Lent is a time of inner reflection and special prayer, as well as a time to reach out. Faith in Action has chosen to focus on the theme of displacement this Lenten season and what it means to families and communities. Each Sunday during Lent, we will highlight one of the following organizations that work with displaced people: Casa de Paz, the African Community Center of Denver, and the Denver Indian Center. Collection bins for donations are in the narthex.  
The last day to donate to these three organizations will be Sunday, April 2nd – Palm Sunday.

Casa De Paz
Men’s shoelaces, new men’s underwear
by Christina Foster Smith

As an attorney, I have been inside both a city jail and a medium-security federal prison. When I first visited the ICE detention facility in Aurora for a pro bono case, the similarities between being in ICE detention and a US jail or prison were striking. During the intake process, detainees’ shoelaces and belongings are taken from them (due to safety and security concerns) and they change into jumpsuit uniforms that they will wear for the duration of their time in detention. People placed in detention often are not given a clear timeline for their release. My client spent several months in detention before I received his case. If detainees are released, rather than deported, most still have to live with uncertainty for a long time – usually a year or more – as their asylum case makes its way through the judicial system. They have to find shelter and a way to support themselves (often without legal eligibility for employment), unsure whether they will ultimately be deported or allowed to stay. 
Casa de Paz (Spanish for ‘House of Peace’) helps individuals released from the ICE detention facility in Aurora navigate this transition by picking them up upon release, providing them with temporary shelter and a backpack of essentials, and assisting them with logistics. The organization also helps reunite families separated by immigrant detention. HERE is a link to some of their guests’ stories. 
When people are released from detention, their shoelaces are not returned to them and they are in need of basic hygiene items, such as clean underwear. This year, as part of our Lenten drive, we are collecting new men’s shoelaces and new men’s underwear for those released from the ICE detention facility in Aurora. On Friday, March 17, from 11:00-3:00 pm, we also have the opportunity to volunteer at Casa de Paz. Casa de Paz would like our help sorting and organizing their supplies. If Casa de Paz welcomes any released individuals during our shift, you may be asked to assist them with logistical matters, including booking transportation for the released individuals. A staff member will be available to assist our group with any language barriers. Please see the sign-up sheet in the Narthex or contact Pauline Nuñez with any questions.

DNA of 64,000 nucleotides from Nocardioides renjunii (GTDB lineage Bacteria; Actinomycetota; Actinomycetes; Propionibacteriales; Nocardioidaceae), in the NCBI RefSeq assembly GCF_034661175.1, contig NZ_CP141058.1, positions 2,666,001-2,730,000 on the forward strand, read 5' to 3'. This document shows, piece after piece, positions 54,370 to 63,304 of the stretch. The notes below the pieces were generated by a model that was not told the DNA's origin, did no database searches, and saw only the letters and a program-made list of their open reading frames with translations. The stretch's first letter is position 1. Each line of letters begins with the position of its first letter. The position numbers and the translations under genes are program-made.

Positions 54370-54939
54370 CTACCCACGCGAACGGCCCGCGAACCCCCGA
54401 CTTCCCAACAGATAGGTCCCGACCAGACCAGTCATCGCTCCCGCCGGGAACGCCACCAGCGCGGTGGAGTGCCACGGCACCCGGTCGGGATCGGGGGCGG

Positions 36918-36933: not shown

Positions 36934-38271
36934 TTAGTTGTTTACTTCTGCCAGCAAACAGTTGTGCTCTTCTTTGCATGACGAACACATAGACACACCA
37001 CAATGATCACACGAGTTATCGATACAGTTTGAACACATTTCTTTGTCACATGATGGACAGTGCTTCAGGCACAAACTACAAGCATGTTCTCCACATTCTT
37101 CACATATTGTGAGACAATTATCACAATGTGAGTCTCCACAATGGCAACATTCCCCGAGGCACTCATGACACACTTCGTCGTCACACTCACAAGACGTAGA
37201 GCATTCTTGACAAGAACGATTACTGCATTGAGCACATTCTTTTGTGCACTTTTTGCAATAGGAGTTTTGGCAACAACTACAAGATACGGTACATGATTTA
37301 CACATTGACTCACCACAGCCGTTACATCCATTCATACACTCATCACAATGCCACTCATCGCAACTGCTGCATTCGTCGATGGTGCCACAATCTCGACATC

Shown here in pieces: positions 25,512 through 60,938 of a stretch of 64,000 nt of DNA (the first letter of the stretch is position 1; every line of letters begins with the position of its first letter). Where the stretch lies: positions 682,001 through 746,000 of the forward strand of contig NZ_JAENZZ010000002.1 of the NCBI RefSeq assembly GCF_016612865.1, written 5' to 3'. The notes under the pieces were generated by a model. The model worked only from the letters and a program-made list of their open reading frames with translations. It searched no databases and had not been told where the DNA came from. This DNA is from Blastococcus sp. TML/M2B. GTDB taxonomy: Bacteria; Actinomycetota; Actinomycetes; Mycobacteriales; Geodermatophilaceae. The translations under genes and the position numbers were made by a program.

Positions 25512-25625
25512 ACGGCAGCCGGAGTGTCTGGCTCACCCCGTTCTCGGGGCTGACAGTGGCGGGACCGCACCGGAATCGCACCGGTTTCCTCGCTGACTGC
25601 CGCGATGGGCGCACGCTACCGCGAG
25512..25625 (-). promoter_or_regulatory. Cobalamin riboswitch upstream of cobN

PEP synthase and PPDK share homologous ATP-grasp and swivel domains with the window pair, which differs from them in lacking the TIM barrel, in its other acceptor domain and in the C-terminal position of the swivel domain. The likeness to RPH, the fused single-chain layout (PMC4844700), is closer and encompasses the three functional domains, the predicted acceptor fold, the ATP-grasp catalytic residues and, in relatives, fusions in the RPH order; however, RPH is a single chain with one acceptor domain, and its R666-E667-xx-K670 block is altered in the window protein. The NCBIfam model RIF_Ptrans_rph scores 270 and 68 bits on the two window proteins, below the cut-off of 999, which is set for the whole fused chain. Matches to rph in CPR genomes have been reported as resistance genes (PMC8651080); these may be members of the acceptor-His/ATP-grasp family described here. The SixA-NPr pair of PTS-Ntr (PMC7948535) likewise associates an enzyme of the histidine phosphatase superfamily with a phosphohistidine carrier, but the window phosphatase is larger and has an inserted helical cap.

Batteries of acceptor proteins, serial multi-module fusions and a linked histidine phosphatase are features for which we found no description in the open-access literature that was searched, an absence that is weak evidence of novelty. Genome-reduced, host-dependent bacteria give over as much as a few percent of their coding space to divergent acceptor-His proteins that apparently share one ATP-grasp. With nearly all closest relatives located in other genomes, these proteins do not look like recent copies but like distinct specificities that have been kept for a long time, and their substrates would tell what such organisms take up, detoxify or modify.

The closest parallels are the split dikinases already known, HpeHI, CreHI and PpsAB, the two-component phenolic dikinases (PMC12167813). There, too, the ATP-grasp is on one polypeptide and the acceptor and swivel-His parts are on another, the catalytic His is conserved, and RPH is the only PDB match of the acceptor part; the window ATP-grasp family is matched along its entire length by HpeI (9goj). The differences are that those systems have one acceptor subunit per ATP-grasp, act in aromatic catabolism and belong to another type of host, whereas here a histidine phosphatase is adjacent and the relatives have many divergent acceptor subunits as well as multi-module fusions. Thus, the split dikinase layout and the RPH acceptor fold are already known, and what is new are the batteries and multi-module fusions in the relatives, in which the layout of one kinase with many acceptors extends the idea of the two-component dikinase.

Faith in Action Lenten Drive for African Community Center of Denver (ACC)
Linens, Towels, Bedsheets, etc…
by Nancy Gruschow

During Lent, we will collect linens for the refugee families that are resettling in apartments. Linens can include a new set of towels (bath, hand, washcloth), or a set of twin or full sheets. Drop them off in the bin at the church or you can also order and have them shipped directly to ACC through their Amazon wish list. https://www.acc-den.org/amazon-wish-list You may also order comforters or other items on this list.
If you are ordering online, remember to have sent it to their address:
African Community Center of Denver, c/o Oliver Fon,
925 Niagara St, Suite 200,
Denver, CO  80224.

Their phone number is 303-399-4500. Shipping costs may apply however some items will show “free shipping”—make sure you choose that option when you get to the “shipping” prompt. If you order online, let us know, and we’ll have a sheet in the narthex.

Denver Indian Center
King Sooper and Walmart Gift Cards
by Deb Dunn

The relationship between the tribes and the US government has been long and complex with numerous programs to try and help.  A little-known “jobs program” started after World War II. The government would bus young adult tribal members to one of several western cities by offering jobs.  These young adults came from reservations where poverty was high, had limited skills for jobs in an urban setting and many had never lived for any length of time in a large city. The plan was never properly organized to be successful; tribal members found few if any, services to help them gain job skills and to adjust to city living. Denver was one of those cities in which youth from several different reservations were abused.  In 1970 the Denver Indian Center (DIC) was organized to address these needs.  Unlike programs in the past, the DIC was organized by and is currently run by tribal members. This difference is helping to make DIC a success.
The center focuses on 1) building a sense of community among the various tribal members living in the Denver area. 2) Helping tribal members gain employment through skills training for today’s jobs, resume development and interview skills, and a placement program, 3) Health and well-being programs including a food bank and small money assistance for transportation to work sites.  And 4) building a sense of community through cultural events.
The center is governed by a Board of Directors consisting of five members all of who are established business professionals in metro Denver who have strong educational backgrounds, and each one is from a different tribe. The Board members also serve as role models of how to be successful in the business world while retaining their tribal values.
The Denver Indian Center has suggested we could help by providing King Sooper and Walmart gift cards for $10 to $25 that will be given to tribal members to assist with gasoline to get to and from their job site.